- Symphony No. 10 in F sharp major (realization by Deryck Cooke)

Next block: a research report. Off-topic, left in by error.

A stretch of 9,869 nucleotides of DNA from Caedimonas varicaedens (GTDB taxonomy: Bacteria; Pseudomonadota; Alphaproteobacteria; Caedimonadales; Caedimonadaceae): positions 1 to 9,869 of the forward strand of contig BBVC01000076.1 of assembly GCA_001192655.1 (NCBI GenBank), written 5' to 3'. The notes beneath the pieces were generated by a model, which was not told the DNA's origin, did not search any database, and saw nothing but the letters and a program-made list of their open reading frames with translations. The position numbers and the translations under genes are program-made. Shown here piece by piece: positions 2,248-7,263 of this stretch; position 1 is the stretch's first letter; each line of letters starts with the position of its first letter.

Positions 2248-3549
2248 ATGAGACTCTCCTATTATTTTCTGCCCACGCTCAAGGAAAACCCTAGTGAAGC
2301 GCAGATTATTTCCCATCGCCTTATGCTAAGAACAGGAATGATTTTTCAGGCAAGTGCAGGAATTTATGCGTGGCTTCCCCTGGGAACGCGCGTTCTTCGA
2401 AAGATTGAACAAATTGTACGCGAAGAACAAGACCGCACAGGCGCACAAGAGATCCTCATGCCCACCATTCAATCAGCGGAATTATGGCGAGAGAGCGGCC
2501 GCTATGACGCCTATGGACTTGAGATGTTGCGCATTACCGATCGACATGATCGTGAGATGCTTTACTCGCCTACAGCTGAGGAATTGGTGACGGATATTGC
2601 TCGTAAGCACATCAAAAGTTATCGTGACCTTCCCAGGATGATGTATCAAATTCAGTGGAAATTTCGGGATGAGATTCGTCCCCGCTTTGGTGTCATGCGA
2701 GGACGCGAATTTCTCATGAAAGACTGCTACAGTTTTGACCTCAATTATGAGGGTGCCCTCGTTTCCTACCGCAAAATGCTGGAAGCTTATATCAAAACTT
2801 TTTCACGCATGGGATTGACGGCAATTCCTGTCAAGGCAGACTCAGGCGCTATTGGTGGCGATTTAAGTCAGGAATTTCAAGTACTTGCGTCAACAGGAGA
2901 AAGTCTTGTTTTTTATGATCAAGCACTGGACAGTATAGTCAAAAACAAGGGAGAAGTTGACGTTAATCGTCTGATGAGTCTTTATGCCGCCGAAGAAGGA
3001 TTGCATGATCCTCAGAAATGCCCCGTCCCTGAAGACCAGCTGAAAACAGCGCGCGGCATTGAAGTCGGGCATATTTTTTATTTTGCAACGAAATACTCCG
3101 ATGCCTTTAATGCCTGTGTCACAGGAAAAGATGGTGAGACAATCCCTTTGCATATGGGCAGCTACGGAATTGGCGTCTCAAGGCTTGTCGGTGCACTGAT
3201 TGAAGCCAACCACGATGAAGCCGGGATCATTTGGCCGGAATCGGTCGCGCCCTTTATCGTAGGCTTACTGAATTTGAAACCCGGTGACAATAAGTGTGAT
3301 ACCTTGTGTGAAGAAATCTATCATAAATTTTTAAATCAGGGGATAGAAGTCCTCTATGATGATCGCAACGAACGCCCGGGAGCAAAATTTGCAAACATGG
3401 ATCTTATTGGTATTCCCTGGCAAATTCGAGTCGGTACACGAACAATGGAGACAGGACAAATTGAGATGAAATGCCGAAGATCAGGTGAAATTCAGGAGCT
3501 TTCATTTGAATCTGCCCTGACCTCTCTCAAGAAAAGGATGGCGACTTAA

Despite the interest in Gustav Mahler's unfinished "Symphony No. 10 in F sharp major" generated by the much-publicized and imaginative editions of Clinton Carpenter, Joseph Wheeler, and Remo Mazzetti, Jr., the performing version that has become the most firmly established in the repertoire is Deryck Cooke's fairly conservative completion, which many regard as the closest to the composer's final intentions. It is also the safest pick of the many competing versions, and perhaps Gianandrea Noseda has reason to follow the path of least resistance by playing Cooke's version, since this is his first recording of any Mahler symphony and he's already in a controversial position by making this quirky choice. He is to be applauded for not taking the easy route by starting off with the more predictable "Symphony No. 1" or the "Symphony No. 5," which appear far too frequently to be noticed much anymore. However, the "Symphony No. 10" is unfamiliar to most listeners, and unlikely to draw much attention except from aficionados of the work. As it turns out, Noseda's interpretation with the BBC Philharmonic is not the best argument for the symphony because he conducts it too meticulously and cautiously to make it feel like real Mahler. This is, after all, a work Mahler inscribed with passionate utterances to his wife and paranoid exclamations about dancing with the devil, so it ought to sound more passionate and paranoid than Noseda takes it. If anything, he makes it seem too stiff in the overly precise articulation, emotionally detached in the phrasing, and almost mechanical in its regular tempos and steady pacing, with a dryness of expression that does not sort well with the piece's ardent sentiments (though it works well enough in the ironic passages). Taken as a whole, this rather clinical "Tenth" is not the performance to get; Eugene Ormandy's 1965 premiere recording of Cooke's version on Sony is still unsurpassed, and quite affordable in the Great Performances series.